“Everybody must get stoned,” Bob Dylan began. As these things go, it was a good prescription for an evening of rock, even if there were some in the audience who looked (and smelled) like they had taken the advice long before he offered it. But it was also a strangely appropriate sentiment.

No disrespect to a fine poet and lyricist, but the very idea of this counterculture icon, this prototype of the rockin’ rebel, this purveyor of protest poetry and subversion song winning the Nobel Prize for Literature is surreal enough to make you wonder if everybody has indeed got stoned.

The Desert Trip concert in Indio, California, had been announced six months ago: six classic rock acts over one weekend. Taking note of the huge buzz, the organisers added a second weekend. I was lucky enough to snag a ticket via a friend of my sister’s, for the second. When I got off the endless flight from Mumbai, a stray WhatsApp message beeped the news at me. It wasn’t just that I had six of the biggest names in rock to look forward to over the next three days. No, one of them had just won the Literature Nobel.

Never one to care for inhaling, I tried getting drunk instead and was foxed at the margarita stall. The lady there filled $12 drink orders by, first, filling a glass to the brim with small ice cubes and only then, dribbling some liquid over them. I called out: “I’d like just two cubes, please!” She shook her head. “Can’t do it. Thing is, we’re required to use a specific amount of ice.” Twelve dollars for mildly flavoured ice cubes? To get even slightly drunk, I’d have had to spend enormous quantities of dollars, 12 by 12.

Credit: Dilip D’Souza

So it was while nursing my mildly flavoured ice cubes that I listened to the most recent Nobel Laureate sing on Friday, October 14. Even with seats closer to the stage than perhaps 90% of the audience – estimates ranged from 70,000 to 100,000 – we were still a good 100 metres away. The man was just a tiny spotlit stick figure. Mostly, we watched his image on a massive screen. That’s how I knew he wore a black suit sans tie, silver curlicues up the pant legs, hair backlit like a halo, standing at a piano as he encouraged us all to get stoned.

Throughout his set, the screen also had a nonstop panorama of grainy black-and-white images from the past: miners, commuters, street scenes with geese flying overhead, a cheering crowd below a “Welcome back Neil Armstrong, Edwin Aldrin and Michael Collins!” sign. Dylan was taking us back, clearly, to that simpler but troubled era, the 1960s. Because that is when Dylan began making his musical mark, with a slew of songs that spoke to those times.

Like these lines from a famous song on a 1965 album: “Yonder stands your orphan with his gun/Crying like a fire in the sun./Look out the saints are coming through/And it’s all over now, Baby Blue.”

With some friends, I once played this song on the radio. That was a disaster. But while practicing, “the saints” always came across like Dylan’s sardonic comment about his world. Maybe he meant a frightened young Vietnamese fighter, mowed down by American soldier “saints”. Maybe he meant civil rights activists in deep Mississippi, their moral compass their only weapon against murderous white supremacist “saints”. Maybe he meant Biafra, or Cuba, or any of so many little guys who struggle against powerful “saints” – and then, of course, it’s all over.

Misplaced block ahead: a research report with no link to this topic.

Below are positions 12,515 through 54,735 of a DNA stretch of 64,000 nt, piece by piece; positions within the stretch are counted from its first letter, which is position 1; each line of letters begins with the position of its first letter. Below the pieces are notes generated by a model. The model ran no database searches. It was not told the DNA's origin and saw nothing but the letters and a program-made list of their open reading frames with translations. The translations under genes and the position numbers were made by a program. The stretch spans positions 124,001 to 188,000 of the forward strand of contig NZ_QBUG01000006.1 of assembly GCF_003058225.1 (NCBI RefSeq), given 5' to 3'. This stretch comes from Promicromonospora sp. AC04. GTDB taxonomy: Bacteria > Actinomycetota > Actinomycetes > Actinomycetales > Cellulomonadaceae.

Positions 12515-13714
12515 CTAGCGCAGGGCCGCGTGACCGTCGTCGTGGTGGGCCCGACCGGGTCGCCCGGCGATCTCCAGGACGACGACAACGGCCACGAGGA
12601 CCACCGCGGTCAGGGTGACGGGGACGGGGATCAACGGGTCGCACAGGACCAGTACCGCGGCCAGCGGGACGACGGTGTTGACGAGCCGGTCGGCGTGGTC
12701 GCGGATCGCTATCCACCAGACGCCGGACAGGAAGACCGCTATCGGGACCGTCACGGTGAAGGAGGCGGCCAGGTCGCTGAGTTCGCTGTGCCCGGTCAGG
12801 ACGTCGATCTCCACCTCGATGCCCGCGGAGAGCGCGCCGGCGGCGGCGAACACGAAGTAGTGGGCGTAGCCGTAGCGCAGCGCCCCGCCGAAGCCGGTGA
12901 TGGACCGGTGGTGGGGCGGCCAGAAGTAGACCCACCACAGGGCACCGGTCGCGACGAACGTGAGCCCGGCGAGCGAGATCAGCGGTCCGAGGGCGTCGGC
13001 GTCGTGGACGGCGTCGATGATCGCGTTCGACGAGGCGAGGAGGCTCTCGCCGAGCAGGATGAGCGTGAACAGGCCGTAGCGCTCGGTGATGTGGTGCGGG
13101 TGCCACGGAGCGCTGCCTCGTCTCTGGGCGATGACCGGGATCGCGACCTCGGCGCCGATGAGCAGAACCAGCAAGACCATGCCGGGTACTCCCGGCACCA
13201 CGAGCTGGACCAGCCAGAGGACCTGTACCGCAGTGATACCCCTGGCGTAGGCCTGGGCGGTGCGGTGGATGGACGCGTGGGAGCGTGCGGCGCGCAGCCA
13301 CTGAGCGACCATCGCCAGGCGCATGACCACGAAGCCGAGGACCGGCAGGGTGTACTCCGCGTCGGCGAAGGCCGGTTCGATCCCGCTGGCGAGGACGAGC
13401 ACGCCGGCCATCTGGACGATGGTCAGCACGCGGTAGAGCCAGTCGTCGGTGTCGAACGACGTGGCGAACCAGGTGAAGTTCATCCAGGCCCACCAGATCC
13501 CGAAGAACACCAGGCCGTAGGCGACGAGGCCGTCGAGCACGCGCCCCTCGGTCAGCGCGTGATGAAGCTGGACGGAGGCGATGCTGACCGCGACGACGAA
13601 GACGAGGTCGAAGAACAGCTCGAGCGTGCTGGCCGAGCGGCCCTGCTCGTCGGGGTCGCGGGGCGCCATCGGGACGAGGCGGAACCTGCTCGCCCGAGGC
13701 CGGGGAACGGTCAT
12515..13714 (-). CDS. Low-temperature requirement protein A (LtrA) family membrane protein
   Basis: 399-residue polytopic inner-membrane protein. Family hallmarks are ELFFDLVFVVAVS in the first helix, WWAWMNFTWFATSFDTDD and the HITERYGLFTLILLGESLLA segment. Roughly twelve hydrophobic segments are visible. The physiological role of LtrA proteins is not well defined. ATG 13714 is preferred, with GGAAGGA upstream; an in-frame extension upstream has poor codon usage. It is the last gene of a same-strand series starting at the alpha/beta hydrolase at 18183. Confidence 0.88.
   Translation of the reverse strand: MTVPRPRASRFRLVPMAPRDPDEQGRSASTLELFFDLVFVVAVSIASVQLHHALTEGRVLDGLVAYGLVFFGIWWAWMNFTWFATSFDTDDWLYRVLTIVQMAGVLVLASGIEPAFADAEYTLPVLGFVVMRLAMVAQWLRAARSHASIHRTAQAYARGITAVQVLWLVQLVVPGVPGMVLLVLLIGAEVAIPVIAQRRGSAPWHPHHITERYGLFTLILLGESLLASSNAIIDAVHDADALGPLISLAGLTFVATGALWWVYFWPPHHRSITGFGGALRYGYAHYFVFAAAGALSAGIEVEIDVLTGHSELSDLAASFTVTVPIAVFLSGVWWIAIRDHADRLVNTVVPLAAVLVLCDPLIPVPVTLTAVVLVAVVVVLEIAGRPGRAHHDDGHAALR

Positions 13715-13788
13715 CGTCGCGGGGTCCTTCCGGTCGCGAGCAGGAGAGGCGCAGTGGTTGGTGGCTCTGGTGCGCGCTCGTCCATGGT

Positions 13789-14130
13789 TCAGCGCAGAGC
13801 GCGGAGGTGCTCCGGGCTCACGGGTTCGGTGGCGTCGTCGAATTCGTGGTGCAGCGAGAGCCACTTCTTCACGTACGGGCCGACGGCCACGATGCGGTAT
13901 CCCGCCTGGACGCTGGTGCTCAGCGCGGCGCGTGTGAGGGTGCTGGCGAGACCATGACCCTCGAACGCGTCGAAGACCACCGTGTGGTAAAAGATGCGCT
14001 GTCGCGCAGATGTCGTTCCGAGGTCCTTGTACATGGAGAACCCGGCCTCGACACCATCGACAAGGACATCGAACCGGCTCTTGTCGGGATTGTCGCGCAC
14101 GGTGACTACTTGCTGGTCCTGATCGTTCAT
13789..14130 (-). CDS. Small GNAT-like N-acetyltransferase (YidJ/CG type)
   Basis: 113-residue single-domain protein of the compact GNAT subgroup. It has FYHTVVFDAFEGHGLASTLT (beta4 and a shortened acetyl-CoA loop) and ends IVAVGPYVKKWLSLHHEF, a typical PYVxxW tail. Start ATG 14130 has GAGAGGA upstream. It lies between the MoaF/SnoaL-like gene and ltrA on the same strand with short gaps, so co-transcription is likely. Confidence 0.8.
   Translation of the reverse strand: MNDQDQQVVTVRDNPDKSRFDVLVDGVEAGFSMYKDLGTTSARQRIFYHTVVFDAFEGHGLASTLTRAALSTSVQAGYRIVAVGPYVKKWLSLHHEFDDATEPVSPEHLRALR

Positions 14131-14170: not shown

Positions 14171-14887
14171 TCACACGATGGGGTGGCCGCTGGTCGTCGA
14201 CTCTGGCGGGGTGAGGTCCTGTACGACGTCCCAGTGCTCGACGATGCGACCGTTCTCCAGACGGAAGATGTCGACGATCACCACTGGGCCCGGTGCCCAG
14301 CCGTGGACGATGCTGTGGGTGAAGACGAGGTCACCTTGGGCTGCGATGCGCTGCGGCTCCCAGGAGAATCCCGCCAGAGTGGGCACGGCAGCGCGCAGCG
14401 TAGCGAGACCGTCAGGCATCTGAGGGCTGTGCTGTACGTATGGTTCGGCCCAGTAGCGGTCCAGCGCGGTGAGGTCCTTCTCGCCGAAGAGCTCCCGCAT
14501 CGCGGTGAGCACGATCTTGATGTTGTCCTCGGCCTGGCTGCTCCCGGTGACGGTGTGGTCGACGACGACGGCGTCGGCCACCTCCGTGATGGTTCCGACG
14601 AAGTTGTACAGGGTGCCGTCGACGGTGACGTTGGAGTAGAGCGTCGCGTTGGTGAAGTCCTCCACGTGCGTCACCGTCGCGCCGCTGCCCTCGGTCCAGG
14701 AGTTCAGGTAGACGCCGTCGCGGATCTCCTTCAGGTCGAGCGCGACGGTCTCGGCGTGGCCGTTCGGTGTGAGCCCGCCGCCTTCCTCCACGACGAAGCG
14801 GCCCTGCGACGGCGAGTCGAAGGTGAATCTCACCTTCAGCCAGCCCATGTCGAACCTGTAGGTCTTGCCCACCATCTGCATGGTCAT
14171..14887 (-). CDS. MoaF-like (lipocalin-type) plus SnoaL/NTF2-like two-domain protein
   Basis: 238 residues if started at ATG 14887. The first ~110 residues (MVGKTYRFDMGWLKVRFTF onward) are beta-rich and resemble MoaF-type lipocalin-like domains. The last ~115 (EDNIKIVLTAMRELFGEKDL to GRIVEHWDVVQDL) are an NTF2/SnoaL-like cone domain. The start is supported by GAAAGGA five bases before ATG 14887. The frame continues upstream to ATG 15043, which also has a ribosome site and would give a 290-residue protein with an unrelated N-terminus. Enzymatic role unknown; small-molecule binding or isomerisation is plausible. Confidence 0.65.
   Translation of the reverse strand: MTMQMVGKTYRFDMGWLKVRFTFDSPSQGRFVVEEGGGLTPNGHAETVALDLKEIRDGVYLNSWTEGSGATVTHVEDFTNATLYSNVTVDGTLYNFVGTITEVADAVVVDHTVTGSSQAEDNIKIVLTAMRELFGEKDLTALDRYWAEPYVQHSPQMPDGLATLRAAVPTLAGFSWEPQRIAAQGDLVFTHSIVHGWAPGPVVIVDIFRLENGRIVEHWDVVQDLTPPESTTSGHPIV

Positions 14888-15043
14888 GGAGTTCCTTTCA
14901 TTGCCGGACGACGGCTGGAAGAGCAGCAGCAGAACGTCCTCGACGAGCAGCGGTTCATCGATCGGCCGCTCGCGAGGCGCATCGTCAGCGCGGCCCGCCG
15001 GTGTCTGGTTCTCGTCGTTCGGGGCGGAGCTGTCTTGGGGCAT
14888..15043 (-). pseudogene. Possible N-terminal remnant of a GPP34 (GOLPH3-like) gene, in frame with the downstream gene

It is for a half-century of holding such images up to us through song after song, of making us think about them till it hurts, that the Nobel went to Dylan.

That evening in Indio, he sang with the gravelly, smoky passion I remember from his earliest songs, not the mumbling going-through-the-motions that he has done in recent years. There was Highway 61 Revisited, Simple Twist of Fate, Hurricane, Tangled Up in Blue, Desolation Row and more. He played the piano, made the harmonica wail and romanced the mike.

And he said not one word to his audience. Not even about his Nobel. Then, suddenly, it was all over.

But no, the Rolling Stones took the stage. They began with the song whose title fits their lead singer to a T: Jumping Jackflash. In a brilliant pink shirt, Mick Jagger strutted – the word is always used for him, but nothing captures the man better – like an angry peacock about the stage, belting out the words.

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“I was born in a cross-fire hurricane/And I howled at my ma in the driving rain,” it started. As the Stones always intended, this was hardly the clean-cut “Love, love me do/You know I love you” stuff that their good-boy British competition offered in those distant days. The Stones were and remain the howlers, the growlers, the unapologetic strutters of rock-and-roll. And Jagger, Keith Richards and Ronnie Wood – in electric colours themselves – showed us just what that meant.

Not forgetting Charlie Watts. At 75, Watts was fierce, almost feral on the drums. One close-up on the giant screen, during It’s Only Rock and Roll, featured just his bare left arm. As he turned his stick into a manic blur, the stringy muscles of bicep and forearm visibly rippled. There is something elemental, almost naked, about the best drummers’ work. You could imagine moments when nothing else mattered to Watts except the roiling yet majestic drama of his drumming. How does he find the strength and stamina, I wondered, the will to keep this up for over two hours?

Probably by looking out at his fellow Stones. “Welcome to the ‘Catch ‘em before they croak’ festival,” Jagger announced at one point, and that nicely summed up the spirit of the evening. There was urgency to their performance, a feeling that surely there are not a whole lot of years of raucous, rambunctious rocking left in those skinny, fit yet ageing bodies. So Jagger strutted, Richards and Wood kept up the tempo on screaming guitars – and in his tight yellow sleeveless tee thrashing at his drums, Watts was the fount of the band’s energy.

They expended it through Get Off My Cloud, Angie, Sweet Virginia, and several more songs, including one from their upcoming blues-based album Just Your Fool. About that last one, Jagger took a moment to tell us: “When we were growing up outside London, we thought we had discovered the blues. But it was the blues that brought us all together.” A confession, I suspect, that most musicians who take to the blues might make.